I received this question:

Let me clarify. You mean that if my homeschool student has gotten through Visual Latin 1 and 2, she can then use Lingua Latina for her third year Latin. Right? Starting with the first book? The one you use for First year Latin?

My daughter is doing very well with Visual Latin. She just finished Lesson 30 and has a 94% overall grade. She is going to now spend time reviewing all the charts and vocabulary learned for a final test (I am going to take portions of all your tests in VL1 to make my own); then I have assigned her translation of Cornelia for the remainder of the school year. She has been listening to the oral readings of the New Testament in Latin, and is practicing oral reading of Church prayers. What use to be her hardest class (we tried Henle) is now one of her top and it keeps proving itself to me as fantastic! 

I will consider signing her up for a class after she is finished VL2, at least for the ability to view your prerecorded classes. She really likes your technique of teaching…so do I. Thank you for all your contributions to the Church through your language knowledge by helping the homeschooling families.

God bless you! Happy Easter!

Here is my reply:

Good morning!

It’s all semantics really.  Lingua Latina by Hans Ørberg is a college textbook.  Yet, I think most high schools (which don’t use this book, by the way) would consider the entire book Latin 1 and Latin 2.  I believe the few colleges that use this book consider it Latin 1.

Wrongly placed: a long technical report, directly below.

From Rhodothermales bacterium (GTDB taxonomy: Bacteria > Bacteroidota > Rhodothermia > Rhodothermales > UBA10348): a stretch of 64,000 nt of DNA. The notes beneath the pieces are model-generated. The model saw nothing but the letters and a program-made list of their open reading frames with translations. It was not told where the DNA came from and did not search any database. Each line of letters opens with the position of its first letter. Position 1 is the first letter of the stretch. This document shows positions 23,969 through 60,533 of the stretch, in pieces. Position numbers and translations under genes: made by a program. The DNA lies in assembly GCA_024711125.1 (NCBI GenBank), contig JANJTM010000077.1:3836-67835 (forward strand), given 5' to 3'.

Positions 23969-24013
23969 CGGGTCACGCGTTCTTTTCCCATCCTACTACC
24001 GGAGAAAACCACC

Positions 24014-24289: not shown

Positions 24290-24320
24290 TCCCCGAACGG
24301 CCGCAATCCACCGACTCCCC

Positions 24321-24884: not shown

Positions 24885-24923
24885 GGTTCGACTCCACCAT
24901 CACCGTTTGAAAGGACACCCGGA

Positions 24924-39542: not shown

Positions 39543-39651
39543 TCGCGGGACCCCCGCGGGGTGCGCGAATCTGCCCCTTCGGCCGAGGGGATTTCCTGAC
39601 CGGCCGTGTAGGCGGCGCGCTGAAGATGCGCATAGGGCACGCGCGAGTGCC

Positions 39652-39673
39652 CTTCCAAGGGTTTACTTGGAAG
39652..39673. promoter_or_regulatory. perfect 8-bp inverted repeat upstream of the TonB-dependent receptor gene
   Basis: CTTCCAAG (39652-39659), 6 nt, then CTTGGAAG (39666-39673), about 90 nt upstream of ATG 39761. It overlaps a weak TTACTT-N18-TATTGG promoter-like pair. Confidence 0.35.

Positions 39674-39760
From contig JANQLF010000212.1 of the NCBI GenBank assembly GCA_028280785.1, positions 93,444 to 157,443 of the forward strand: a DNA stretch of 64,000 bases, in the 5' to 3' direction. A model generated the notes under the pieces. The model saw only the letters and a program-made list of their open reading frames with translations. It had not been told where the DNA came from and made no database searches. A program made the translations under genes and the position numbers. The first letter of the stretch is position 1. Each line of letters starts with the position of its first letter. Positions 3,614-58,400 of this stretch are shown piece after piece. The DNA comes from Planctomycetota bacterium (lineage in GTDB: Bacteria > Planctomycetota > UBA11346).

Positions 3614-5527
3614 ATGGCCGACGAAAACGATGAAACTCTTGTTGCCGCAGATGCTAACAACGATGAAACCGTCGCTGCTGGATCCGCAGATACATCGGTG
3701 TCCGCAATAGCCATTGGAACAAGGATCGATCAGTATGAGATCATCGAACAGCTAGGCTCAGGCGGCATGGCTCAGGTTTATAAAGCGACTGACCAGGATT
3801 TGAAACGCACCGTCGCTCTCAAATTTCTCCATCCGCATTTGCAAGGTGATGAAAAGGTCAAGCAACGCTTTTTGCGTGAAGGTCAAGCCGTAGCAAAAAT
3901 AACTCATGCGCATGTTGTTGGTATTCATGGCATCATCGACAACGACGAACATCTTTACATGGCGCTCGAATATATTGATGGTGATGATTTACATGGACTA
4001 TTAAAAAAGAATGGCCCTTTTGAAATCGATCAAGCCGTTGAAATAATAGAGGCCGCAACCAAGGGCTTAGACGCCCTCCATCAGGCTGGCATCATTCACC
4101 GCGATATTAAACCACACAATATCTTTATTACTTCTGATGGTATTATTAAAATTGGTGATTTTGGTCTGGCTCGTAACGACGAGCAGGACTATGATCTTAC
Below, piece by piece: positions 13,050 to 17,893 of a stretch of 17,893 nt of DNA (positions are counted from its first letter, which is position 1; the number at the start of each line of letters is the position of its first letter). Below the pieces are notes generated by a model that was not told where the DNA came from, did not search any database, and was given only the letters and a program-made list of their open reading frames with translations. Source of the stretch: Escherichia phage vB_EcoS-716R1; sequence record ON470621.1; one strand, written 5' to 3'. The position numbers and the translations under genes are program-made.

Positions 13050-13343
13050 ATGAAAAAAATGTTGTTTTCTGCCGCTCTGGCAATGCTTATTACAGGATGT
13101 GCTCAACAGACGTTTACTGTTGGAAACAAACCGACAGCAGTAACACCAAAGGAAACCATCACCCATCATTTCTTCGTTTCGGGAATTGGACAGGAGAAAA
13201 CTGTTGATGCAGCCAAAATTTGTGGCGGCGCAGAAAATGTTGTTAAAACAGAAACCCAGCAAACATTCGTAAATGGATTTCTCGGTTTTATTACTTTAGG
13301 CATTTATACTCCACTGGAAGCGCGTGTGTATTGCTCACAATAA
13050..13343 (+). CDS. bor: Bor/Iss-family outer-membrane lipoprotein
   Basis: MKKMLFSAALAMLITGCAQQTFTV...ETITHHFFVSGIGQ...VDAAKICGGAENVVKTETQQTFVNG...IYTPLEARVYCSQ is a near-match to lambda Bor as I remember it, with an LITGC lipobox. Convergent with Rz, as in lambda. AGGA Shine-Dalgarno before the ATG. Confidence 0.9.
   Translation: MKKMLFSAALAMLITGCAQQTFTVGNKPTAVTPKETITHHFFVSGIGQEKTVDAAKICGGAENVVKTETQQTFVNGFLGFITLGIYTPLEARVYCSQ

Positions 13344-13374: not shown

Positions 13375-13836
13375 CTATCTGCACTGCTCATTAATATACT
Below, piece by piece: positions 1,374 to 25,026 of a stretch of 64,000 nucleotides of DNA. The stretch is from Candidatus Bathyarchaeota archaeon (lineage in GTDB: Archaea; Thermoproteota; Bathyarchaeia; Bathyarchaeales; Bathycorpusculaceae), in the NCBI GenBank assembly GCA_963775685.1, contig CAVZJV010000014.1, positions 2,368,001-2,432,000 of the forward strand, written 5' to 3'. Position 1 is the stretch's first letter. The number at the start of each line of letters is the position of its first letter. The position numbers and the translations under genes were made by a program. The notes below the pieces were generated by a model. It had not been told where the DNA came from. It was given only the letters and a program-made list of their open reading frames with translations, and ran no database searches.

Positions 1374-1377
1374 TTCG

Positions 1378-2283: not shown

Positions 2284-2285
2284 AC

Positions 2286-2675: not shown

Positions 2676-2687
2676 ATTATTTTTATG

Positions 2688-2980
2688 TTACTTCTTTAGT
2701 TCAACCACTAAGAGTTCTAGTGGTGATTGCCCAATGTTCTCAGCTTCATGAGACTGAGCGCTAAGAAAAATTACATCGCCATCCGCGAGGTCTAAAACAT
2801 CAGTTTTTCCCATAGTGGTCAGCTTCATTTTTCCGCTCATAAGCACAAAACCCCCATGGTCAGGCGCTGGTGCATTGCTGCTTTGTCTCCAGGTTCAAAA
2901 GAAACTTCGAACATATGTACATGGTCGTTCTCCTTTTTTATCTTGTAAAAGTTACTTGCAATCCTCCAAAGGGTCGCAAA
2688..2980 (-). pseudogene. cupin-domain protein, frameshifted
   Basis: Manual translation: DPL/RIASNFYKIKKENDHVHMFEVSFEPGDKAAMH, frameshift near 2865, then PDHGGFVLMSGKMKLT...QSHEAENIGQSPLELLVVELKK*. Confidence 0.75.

Latin 3 is typically Caesar’s Gallic Wars, or the New Testament in Latin.  

Henle Latin breaks it down this way:

  1. Henle Latin 1: Latin Grammar
  2. Henle Latin 2: Caesar’s Gallic Wars and a little bit of the gospels.
  3. Henle Latin 3: Cicero’s orations and a little bit of St. Paul.
  4. Henle Latin 4: Vergil’s Aeneid.


Lingua Latina breaks it down this way:

  1. Latin 1 and 2: Lingua Latina by Hans Ørberg.
  2. Latin 3 and 4: Roma Aeterna by Hans Ørberg.

At Compass Classroom, we break it down this way:

Latin 1 and 2: Visual Latin 1 and 2, which includes readings from the Bible.  We also recommend various other readings like Cornelia and Lingua Latina.

It’s all a name game, but if you choose to read Lingua Latina (and I think everyone should), consider that reinforcement of Visual Latin 1 and 2.  I don’t think I would call it Latin 3.  

For Latin 3, I would recommend more advanced readings from the New Testament, or Caesar, or Cicero.  

I hope this all makes some sense.

Let me know if you need more help!

Have a happy Monday!

Dwane Thomas